APRIL 4 — Singapore has triggered a “circuit breaker”, a partial lockdown, now that cases of local Covid-19 transmissions have overtaken imported cases. Addressing the country on 3 April, Prime Minister Lee Hsien Loong said the move to close schools, shops and offices for non-essential services was aimed at pre-empting more infections.

After weeks of worry, many Singaporeans are now relieved that more stringent measures are being taken to keep them safe from the Covid-19 virus. Yet there remains a strong feeling that the nation is being forced to split its focus at a crucial moment in this health crisis. On 7 April, as people prepare to hunker down at home under the “circuit breaker”, the People’s Action Party (PAP) will be pushing through the Parliamentary Elections (Covid-19 Special Arrangements) Bill.

The Bill is an indication the PAP is putting its interests, and Lee’s, above those of the country and the people it rules. The ruling party seems to be still obsessing over how to call an early election while it has a full year left in its term, during a pandemic the World Health Organisation (WHO) has called “the worst enemy you can ever imagine”.

For someone who urged Singaporeans to “trust that you are not working for personal gain, but for national interests”, Lee’s refusal to rule out an imminent election is baffling.


Since PAP’s defeat is an improbability, why the hurry to the polls? Does it fear the repercussions of the recession that is in the offing? The question needs to be asked: has the government been too reactive and doing too little, just to avoid alarming the people or limit the economic damage? To what degree have its actions been blinkered by its desire to hold an early GE?

At this time, Singapore deserves the undivided attention of the PM and his entire team, to honour the sacrifices of our medical frontliners who face the daily risk of infection. Instead, the ruling party is spending precious time and mental energy on electoral arrangements while new clusters of infection are popping up.

The world has sung Singapore’s praises for its handling of the Covid-19 crisis, citing the many lessons learned during the fight with SARS in 2003. During the SARS outbreak, schools were shut 26 days after the first patient was detected. This time, it has taken more than 70 days since the first Covid-19 case was reported on 23 January. Singaporeans cannot be blamed if they wonder: if SARS was a lesson, why this inordinate delay?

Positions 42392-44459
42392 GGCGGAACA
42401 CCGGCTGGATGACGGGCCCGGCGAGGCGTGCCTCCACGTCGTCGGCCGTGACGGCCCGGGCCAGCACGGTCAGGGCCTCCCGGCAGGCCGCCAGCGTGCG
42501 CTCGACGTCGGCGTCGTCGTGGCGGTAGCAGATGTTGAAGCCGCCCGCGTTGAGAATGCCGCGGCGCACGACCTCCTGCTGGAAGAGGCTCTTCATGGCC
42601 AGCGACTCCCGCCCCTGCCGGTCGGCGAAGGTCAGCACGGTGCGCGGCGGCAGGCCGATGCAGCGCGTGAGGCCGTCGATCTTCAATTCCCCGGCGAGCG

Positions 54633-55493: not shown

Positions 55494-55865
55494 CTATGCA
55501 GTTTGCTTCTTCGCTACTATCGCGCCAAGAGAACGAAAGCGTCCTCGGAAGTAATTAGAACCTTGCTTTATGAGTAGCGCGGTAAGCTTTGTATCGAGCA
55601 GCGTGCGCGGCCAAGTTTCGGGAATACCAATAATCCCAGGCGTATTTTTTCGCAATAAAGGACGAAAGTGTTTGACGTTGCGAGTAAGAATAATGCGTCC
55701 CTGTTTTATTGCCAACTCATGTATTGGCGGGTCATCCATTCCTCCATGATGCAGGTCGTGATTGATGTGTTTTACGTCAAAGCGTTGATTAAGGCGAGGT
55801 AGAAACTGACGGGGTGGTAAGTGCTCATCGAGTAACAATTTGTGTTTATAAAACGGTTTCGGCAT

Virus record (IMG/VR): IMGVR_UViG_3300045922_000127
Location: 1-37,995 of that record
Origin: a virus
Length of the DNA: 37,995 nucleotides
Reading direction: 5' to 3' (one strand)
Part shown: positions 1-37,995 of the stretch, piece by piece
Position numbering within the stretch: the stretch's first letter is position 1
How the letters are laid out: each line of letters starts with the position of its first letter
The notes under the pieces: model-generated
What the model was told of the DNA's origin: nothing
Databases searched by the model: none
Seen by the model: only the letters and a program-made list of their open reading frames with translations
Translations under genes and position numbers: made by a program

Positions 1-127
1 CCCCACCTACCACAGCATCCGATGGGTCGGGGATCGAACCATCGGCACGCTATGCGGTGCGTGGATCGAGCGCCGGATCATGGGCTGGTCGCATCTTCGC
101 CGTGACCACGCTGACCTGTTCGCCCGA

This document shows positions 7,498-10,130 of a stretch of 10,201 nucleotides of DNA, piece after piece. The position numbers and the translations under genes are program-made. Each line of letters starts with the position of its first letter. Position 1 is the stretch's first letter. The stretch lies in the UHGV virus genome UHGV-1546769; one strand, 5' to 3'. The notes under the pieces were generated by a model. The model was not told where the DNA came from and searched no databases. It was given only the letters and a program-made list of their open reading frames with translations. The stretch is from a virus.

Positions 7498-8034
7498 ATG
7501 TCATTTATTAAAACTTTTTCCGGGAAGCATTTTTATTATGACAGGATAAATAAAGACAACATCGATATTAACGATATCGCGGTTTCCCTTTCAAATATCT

There were a total of 238 cases of SARS in 2003. Covid-19 cases reached the 1,000 mark on 1 April, and now numbers 1,114 (as at 4 April). This is not just any fight. Covid-19 is dramatically more contagious than SARS, and it has been fiendishly difficult to break the chain of infection. Distracted by the push for an early election, did the PAP take its eye off the ball? Do Singaporeans feel the government is putting the welfare of its citizens above all else?

Governments around the world have declared emergencies and about one third of humanity is locked down. Singapore has seemed slower to respond, couching its incremental measures in euphemisms, such as “circuit breaker” and “home-based learning”.

After Lee’s announcement on Friday, a panel of his ministers expounded at length on why these new measures are justified now. Yet Singapore remains at DORSCON Orange. Memes and jokes exploded online and spread through messages, poking fun at the DORSCON status and the colour of Lee’s tie, whether it was orange or red and the true signal of the state of the nation.

Singaporeans should be very angry that the current leadership seems to have misplaced priorities and are also seemingly deaf to grim realities. Definitively ruling out an election for the next few months will lay people’s fears to rest.

Lee asserts that he needs a strong mandate to handle the Covid-19 pandemic. He has 12 months remaining on his watch, and a supermajority in Parliament with 93 percent of seats to boot. Is this existing mandate not sufficient for him to lead Singapore at this time?

With the special Bill, the ruling party is continuing to signal an early election. If called while Covid-19 infections are not fully controlled, an election while Covid-19 is raging will put lives at blatant, unnecessary risk. A risk the people of Singapore, civil servants, the police, volunteers and others involved in the organisation of an election, did not ask for. Mandatory voting means the vulnerable, in particular older folks and those with preexisting conditions, will be forced to court danger.

What Singapore needs right now is a singular, all-consuming focus to take every necessary measure to beat Covid-19. An election during Covid-19 could cause cases to spiral faster.

If there was a time to yearn for the decisive, straight-talking Lee Kuan Yew and the leaders of old, it is now. Being straightforward and open was always the hallmark of Lee Kuan Yew. The PAP of the past acted in the interests of Singaporeans and placed the greater good as its top priority. Singaporeans did not doubt this of the founding fathers of modern Singapore. Such trust needs to be earned by each successive generation of leaders.

*Lee Hsien Yang is a Singaporean business executive. Prior to his business career, he trained as an engineer and served in the Singapore Armed Forces. Lee is the younger son of Singapore’s first Prime Minister, Lee Kuan Yew, and the younger brother of the current Prime Minister Lee Hsien Loong.

* This is the personal opinion of the writer and does not necessarily represent the views of Malay Mail.